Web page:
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King Oliver's Creole Jazz Band - Don't You Think I Love You (1930)

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Uploaded on Feb 7, 2011

Joe "King" Oliver (Dec.19,1885 - April 10,1938) was a jazz cornet player and bandleader.

He was particularly noted for his playing style, pioneering the use of mutes. Also a notable composer, he wrote many tunes still played regularly, including "Dippermouth Blues", "Sweet Like This", "Canal Street Blues", and "Doctor Jazz". He was the mentor and teacher of Louis Armstrong. Two of Armstrong's most famous recordings, "West End Blues" and "Weather Bird", were Oliver compositions. His influence was such that Armstrong claimed, "if it had not been for Joe Oliver, Jazz would not be what it is today".

Joseph Oliver was born in Aben, Louisiana, near Donaldsonville in Ascension Parish, and moved to New Orleans in his youth. Oliver played cornet in the New Orleans brass bands and dance bands and also in the city's red-light district, Storyville. The band he co-led with trombonist Kid Ory was considered New Orleans' hottest and best in the 1910s. Oliver achieved great popularity in New Orleans across economic and racial lines, and was in demand for playing jobs from rough working class black dance halls to white society debutante parties.

According to an interview at the Tulane's Hogan Jazz Archive with Oliver's widow Stella Oliver, in 1919 a fight broke out at a dance where Oliver was playing, and the police arrested Oliver and the band along with the fighters. This made Oliver decide to leave the Jim Crow South.

By 1922, after travels in California, Oliver was the jazz king in Chicago, with King Oliver and his Creole Jazz Band performing at the Royal Gardens. Virtually all the members of this band went on to notable solo careers. Personnel were Oliver on cornet, his protegé Louis Armstrong, second cornet, Baby Dodds, drums, Johnny Dodds, clarinet, Lil Hardin, on piano, Honore Dutrey on trombone, and Bill Johnson, bass and banjo. Recordings made by this group in 1923 demonstrated the serious artistry of the New Orleans style of collective improvisation or Dixieland music to a wider audience.

In the mid and late 1920s Oliver's band transformed into a hybrid of the old New Orleans style jazz band and the nationally popular larger dance band, and in 1926 was christened "King Oliver and His Dixie Syncopators". Although he suffered from gum disease which started to diminish his playing abilities, Oliver remained a popular band leader through the decade.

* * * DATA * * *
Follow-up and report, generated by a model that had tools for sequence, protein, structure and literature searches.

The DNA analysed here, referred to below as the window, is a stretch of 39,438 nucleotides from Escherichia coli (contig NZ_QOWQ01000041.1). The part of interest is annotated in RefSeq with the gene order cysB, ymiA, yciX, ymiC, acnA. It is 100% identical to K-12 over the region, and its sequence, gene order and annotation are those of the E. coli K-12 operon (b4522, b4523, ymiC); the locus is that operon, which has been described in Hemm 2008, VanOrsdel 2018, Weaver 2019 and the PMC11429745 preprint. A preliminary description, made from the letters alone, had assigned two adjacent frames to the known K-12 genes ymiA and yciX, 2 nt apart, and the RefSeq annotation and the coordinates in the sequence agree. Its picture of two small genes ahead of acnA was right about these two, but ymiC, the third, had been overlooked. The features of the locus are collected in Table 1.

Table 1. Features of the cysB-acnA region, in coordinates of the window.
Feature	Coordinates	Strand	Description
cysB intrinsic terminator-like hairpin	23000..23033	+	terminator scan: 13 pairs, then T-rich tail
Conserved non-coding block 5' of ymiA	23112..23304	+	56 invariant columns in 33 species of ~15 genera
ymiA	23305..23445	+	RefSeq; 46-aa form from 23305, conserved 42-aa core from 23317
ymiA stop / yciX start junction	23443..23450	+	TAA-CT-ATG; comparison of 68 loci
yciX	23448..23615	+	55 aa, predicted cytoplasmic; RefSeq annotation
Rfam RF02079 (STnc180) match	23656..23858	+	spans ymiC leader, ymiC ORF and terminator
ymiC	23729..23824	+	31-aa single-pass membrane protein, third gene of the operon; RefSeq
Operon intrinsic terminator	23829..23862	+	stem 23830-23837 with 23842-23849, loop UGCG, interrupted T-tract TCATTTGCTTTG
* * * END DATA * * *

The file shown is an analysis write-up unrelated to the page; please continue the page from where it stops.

The Great Depression was harsh to Oliver; he lost his life savings when a Chicago bank collapsed, as he struggled to keep his band together on a series of hand-to-mouth gigs until the band broke up and Oliver was stranded in Savannah, Georgia, where he worked as a janitor at Wimberly's Recreation Hall and died in poverty at a rooming house).

As a player, Oliver took great interest in altering his horn's sound. He pioneered in the use of mutes, including the plumber's plunger, derby hat, and bottles and cup in the bell of his horn. His recording "WaWaWa" with the Dixie Syncopators can be credited with giving the name wah-wah to such techniques.

Oliver was also noted as a composer, having written many tunes still regularly played, including "Dippermouth Blues", "Sweet Like This", "Canal Street Blues", and "Doctor Jazz". Two of Armstrong's most famous recordings, "West End Blues" and "Weather Bird", were Oliver compositions.

Oliver performed mostly on cornet. Oliver credited Buddy Bolden, as an early influence. Oliver, in turn, was a major influence on many younger musicians in New Orleans and Chicago, including Tommy Ladnier, Paul Mares, Muggsy Spanier, Louis Panico, Johnny Wiggs, and most famously Louis Armstrong.


King Oliver's Creole Jazz Band - Don't You Think I Love You (1930)

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